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I was watching a stand-up comedian one day doing a bit about people at the gym. He was not a particularly in-shape guy, and he was talking about how he can’t stand seeing fit people at gyms crowding up the place and taking all the equipment, “Like if you have abs, what are you still doing here? You’re done! Go home!” The comedian, whether he knew it or not, was calling out one of the most common misconceptions people have when they begin their fitness journeys: that one day you will be done.

For many of us, there is some point we feel like we must arrive at with our health — like hitting a number on the scale — in order to be happy. And having fooled ourselves that the number on the scale will solve all our problems, we think when we get to said number, we will cross a finish line and go about our lives again. It’s this line of thinking that would cause us to think that the number on the scale is the only thing that matters. And unfortunately, this sets us up for failure.

The number on the scale (or whatever external goal you use) is only an indicator of your progress towards health; it is not the end in and of itself. If I lose twenty pounds by starving myself and crash dieting, I may have lost weight, but I did not become healthier. In fact, I became less so.

Most people tend to look at health and fitness as something they get. But in reality, it’s something you must become. You don’t get a fit and healthy body. You become fit and healthy and in turn, get the body in the process. The implications of becoming as opposed to getting means you will need to continually embody and develop the traits that got you your results long after you got the results in the first place. The same way marriage doesn’t end at the wedding or parenthood at the delivery table. It begins there. What follows is a lifetime of fulfilling the role. It may not be what you want to hear, but it’s the same with fitness.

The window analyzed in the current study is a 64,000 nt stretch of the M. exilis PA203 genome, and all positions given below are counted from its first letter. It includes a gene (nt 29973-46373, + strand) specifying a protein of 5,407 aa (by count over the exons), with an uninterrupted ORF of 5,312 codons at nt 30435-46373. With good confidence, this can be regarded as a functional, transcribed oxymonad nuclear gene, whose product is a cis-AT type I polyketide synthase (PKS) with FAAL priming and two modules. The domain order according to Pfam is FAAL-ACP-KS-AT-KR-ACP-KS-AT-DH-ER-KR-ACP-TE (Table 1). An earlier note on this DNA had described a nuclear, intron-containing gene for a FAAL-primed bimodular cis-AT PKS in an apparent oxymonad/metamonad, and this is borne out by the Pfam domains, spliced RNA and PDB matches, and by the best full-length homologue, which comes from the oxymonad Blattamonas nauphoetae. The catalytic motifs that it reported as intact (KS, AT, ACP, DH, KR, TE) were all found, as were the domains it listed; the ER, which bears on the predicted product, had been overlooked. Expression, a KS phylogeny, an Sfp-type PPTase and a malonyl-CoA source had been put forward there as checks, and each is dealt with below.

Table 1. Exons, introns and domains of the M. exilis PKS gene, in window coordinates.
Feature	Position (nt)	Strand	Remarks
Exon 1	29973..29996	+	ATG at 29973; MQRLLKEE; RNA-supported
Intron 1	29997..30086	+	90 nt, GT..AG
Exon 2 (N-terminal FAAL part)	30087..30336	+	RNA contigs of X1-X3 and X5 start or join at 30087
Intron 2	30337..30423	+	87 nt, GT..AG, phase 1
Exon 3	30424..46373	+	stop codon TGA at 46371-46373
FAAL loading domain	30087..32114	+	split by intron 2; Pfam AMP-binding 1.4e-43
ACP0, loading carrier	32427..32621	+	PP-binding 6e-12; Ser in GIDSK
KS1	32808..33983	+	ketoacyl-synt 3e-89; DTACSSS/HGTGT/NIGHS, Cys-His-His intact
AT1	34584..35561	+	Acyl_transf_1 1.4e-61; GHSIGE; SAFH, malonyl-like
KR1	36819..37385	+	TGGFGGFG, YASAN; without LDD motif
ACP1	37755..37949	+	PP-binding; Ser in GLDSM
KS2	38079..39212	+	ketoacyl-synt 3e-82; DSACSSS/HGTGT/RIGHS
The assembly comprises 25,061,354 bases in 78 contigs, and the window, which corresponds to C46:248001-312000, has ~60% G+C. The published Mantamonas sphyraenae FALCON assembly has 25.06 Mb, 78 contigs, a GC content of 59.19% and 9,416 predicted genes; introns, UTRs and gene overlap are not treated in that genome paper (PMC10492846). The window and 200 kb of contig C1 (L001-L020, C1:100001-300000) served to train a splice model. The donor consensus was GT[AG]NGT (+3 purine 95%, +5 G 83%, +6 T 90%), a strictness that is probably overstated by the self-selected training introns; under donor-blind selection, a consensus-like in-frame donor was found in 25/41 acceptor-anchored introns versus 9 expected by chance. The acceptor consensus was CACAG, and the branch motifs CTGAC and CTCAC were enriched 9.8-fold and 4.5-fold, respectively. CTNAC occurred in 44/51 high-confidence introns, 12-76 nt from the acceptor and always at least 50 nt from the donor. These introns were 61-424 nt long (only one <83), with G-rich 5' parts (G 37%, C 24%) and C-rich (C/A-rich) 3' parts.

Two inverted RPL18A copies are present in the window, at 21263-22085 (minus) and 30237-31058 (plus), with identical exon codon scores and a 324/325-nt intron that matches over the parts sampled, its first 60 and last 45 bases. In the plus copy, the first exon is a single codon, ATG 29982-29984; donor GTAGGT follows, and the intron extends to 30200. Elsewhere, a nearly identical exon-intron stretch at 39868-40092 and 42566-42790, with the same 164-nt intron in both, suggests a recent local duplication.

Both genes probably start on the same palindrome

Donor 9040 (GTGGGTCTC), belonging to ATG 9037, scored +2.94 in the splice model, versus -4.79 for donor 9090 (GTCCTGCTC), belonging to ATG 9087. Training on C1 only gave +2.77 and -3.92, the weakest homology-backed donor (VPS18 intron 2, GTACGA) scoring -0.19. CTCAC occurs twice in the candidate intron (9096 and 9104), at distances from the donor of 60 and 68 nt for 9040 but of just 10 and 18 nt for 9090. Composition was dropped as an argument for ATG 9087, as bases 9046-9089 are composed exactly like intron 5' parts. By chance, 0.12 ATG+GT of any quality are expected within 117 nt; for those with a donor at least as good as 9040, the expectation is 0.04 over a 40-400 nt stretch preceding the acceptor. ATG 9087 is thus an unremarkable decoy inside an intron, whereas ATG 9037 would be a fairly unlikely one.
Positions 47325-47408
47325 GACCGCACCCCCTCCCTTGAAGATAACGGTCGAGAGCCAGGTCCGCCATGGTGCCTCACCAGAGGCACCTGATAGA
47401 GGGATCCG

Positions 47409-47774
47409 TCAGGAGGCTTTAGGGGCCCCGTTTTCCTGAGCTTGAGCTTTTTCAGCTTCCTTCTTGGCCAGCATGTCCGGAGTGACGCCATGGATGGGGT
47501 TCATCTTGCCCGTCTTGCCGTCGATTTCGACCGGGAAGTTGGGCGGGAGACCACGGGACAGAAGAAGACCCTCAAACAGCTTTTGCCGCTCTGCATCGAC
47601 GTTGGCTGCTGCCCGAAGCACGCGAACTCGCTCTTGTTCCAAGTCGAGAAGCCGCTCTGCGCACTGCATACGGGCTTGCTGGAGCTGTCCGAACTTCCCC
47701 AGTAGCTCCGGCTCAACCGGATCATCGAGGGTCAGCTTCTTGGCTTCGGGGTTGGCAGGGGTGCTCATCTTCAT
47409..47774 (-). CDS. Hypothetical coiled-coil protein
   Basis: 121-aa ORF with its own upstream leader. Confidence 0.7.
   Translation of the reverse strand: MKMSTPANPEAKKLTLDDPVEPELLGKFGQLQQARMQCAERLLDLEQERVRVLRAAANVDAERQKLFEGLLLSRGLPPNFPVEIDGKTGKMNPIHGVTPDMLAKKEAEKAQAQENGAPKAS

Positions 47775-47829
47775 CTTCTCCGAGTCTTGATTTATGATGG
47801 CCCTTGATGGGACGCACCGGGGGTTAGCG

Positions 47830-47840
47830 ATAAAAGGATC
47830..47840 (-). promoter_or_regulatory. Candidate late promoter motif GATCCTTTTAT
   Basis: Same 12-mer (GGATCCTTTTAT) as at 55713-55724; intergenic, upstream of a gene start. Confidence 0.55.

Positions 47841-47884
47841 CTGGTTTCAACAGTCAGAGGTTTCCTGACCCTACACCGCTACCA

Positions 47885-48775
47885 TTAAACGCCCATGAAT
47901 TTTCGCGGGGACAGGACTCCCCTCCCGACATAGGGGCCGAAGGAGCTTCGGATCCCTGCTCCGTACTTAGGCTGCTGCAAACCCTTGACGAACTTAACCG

Right now, in the middle of a pandemic, it’s easy to spot the people who are trying to get fit as opposed to those committed to becoming fit. They are the ones that equate gyms being closed with meaning they can’t workout. They have gained weight through lockdown because they sit at a desk and on the couch with little physical activity and way too much snacking. And they are telling people that “as soon as things go back to normal,” they will get back in shape. They are consuming all manner of negative information that feeds fear and disempowers them.

This is called fair-weather fitness, when you’re only able to get and stay in shape when things go well. Compare this to those who are becoming fitter, even through the weird turbulent times we are living in. These are the people who understand that the very definition of fitness is the ability to adapt, not wait for the storm to pass (and the treadmills to be available).

It’s easy to spot these people too. They are in the garage, living room, or backyard working out. They are a little out of their routine because this isn’t an ideal situation, but they understand that their best option is to keep moving forward even if it might be slower or more inconvenient. They are still cooking, prepping, eating healthy, and training hard. They know that besides not being able to go to the gym, nothing is really keeping them from continuing to make progress towards becoming healthier. They can still sweat, go on walks, and eat healthy. And in fact, the more they do, the better and stronger their immune system will be.

They are focusing on what they can control and not getting too caught up in the rest. When you know there isn’t a finish line, you never have to stop.  spt

photo of san pedro today author Ricky Magana

Ricky Magana

Ricky Magana is co-owner of Heyday Elite Fitness. Heyday offers a two-minute scan that provides a full one-page body fat analysis to help you tailor your fitness goals. For more info, email